“May It Please the Court: First Amendment” includes a school-prayer case; a decision in which the Court upheld students' right to wear black armbands to protest the Vietnam War; a case striking down a state law criminalizing flag burning; and the 1971 Pentagon Papers case.
Other cases address display of religious symbols; "public indecency"; reporters' right to protect their sources; religious use of drugs; censorship of school newspapers; discrimination based on sexual preference; draft-card burning; and libel (including the Larry Flynt-Jerry Falwell and New York Times Co. v. Sullivan cases)
For these and other good books about law and advocacy, go to
5. LEARN TO RESOLVE CONFLICT – TO NEGOTIATE & PERSUADE
Beg? Threaten? We tell parents that they need to present their child’s case in a way that makes school people – and hearing officers - want to give the child what he or she needs. This is a tough concept for many parents - but it’s important to learn.
Read how to apply this concept when you write letters to the school
Here are two books that will help you survive the next school meeting:
“How to Read a Person Like a Book” (paperback; audio-cassette version too.)
“You Can Negotiate Anything” - recommended by Florida attorney-mediators Diana Santa Maria and Marc Gregg in their article “Seven Steps to Effective Mediation” at our web site.
For more information about these and other books about conflict resolution and negotiation.
6. JUST FOR PARENTS
Kids are a “challenge” to raise – and children with disabilities are no different. Here is a book that will help you keep the lines of communication open with your children – “How to Talk So Kids will Listen, and Listen so Kids will Talk.”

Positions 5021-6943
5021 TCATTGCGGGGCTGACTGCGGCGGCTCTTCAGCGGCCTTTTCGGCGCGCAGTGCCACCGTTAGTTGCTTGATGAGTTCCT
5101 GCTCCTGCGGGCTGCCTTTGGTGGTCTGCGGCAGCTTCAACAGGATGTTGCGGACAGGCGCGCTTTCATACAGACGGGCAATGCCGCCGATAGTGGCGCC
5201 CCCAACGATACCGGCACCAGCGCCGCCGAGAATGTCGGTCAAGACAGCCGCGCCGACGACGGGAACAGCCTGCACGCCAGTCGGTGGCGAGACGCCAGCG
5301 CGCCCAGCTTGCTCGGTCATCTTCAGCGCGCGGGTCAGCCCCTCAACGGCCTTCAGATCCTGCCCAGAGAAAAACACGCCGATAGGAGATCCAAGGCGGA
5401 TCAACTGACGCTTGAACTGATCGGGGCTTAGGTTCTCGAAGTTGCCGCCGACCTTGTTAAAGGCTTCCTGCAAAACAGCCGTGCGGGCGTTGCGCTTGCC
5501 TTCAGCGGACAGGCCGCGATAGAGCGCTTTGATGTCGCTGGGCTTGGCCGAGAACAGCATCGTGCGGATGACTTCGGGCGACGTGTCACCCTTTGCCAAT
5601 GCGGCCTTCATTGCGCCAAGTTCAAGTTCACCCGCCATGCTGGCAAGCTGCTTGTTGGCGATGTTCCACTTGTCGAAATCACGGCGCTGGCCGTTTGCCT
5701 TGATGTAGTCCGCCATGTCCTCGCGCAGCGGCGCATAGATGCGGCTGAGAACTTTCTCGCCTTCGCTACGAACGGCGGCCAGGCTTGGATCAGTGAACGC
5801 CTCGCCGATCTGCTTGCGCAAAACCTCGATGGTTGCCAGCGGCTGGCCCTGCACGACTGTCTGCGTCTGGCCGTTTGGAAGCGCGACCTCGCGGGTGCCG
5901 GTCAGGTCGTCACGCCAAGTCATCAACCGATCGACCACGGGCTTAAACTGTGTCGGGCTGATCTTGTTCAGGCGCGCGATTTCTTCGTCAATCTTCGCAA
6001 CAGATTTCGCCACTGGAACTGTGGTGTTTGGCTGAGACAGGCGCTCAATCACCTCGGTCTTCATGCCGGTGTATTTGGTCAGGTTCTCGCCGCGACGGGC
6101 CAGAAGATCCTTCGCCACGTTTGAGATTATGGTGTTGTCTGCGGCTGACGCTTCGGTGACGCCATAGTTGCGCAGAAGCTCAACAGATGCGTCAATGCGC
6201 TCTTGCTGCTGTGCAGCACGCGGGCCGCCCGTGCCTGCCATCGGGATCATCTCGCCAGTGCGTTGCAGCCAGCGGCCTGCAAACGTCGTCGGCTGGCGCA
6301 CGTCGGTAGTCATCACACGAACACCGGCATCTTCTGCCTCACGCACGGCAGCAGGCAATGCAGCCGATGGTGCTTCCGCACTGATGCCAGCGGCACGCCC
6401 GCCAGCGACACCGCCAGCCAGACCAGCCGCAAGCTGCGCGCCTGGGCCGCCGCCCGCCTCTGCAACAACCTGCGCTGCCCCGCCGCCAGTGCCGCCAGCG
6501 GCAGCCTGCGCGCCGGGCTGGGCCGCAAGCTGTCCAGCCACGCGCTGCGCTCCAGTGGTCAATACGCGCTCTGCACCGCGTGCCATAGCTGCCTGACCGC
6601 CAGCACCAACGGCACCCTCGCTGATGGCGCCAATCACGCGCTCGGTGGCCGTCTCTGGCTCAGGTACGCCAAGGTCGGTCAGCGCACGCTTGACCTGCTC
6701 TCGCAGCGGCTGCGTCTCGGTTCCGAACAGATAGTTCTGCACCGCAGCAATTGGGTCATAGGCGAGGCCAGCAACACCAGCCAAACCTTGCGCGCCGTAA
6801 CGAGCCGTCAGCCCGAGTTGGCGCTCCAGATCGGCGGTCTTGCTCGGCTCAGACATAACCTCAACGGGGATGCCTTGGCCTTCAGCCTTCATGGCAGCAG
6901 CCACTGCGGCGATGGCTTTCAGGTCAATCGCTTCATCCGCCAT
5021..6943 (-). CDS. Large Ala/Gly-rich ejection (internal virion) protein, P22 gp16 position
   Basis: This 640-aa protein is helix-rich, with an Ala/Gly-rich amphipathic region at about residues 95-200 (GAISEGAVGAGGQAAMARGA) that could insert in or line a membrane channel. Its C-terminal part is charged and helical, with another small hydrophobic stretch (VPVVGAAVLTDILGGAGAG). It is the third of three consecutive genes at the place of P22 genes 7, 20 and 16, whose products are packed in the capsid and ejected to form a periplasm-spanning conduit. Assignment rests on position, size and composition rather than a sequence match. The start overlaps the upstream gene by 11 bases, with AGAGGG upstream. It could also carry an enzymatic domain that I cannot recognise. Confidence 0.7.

One reader said "How to Talk So Kids Will Listen” should be in the Business/ Management section. It says the same things high-priced consultants say -- treat people with respect, do not deny their emotions, state the facts (only) and shut up and listen. The book talks about giving praise and recognition - another reason to use it in real life, inside the family AND outside in the "real" world."
You’ll find more books for parents
7. POP QUIZ
QUESTION: What do these people have in common? Ray Charles, Ella Fitzgerald, Percy Mayfield, Otis Redding, Aretha Franklin, Percy Mayfield.
ANSWER: All are featured artists in the New Music Section of the Advocate’s Bookstore.
The bookmaster has been busy, adding new books to The Advocate’s Bookstore. She has also added some of our favorite music to the Gift Shop – just for the fun of it. Here are some books – and music – you’ll find in the Advocate’s Bookstore.
Our Gift Shop has expanded into
FOUR Sections –
* * Heroes and Heroines * *Here is a sample of the books and music you’ll find in the Gift Shop
* * HEROES AND HEROINES * * -
“Dream Makers, Dream Breakers” – Biography of civil rights activist and Supreme Court Justice Thurgood Marshall.
* * THE CHILDREN’S CORNER * *
“All Kinds of Minds” by Mel Levine. Five children discover their strengths and overcome problems caused by their disabilities.
* * FOR GROWNUPS * *
“THINK FAST!” Includes chapters about advocacy and emotions written by Pete and Pam Wright.
**THE MUSIC ROOM**
Good Holiday Sounds - “Holiday Pops/Keith Lockhart, Boston Pops”Check out the Gift Shop
9. RECOMMEND A BOOK, ARTIST, RESOURCE
If you want to recommend a favorite book, musical artist, or other resource, drop a line to firstname.lastname@example.org
Tell us what makes your recommendation special – what you learned, how it helped you.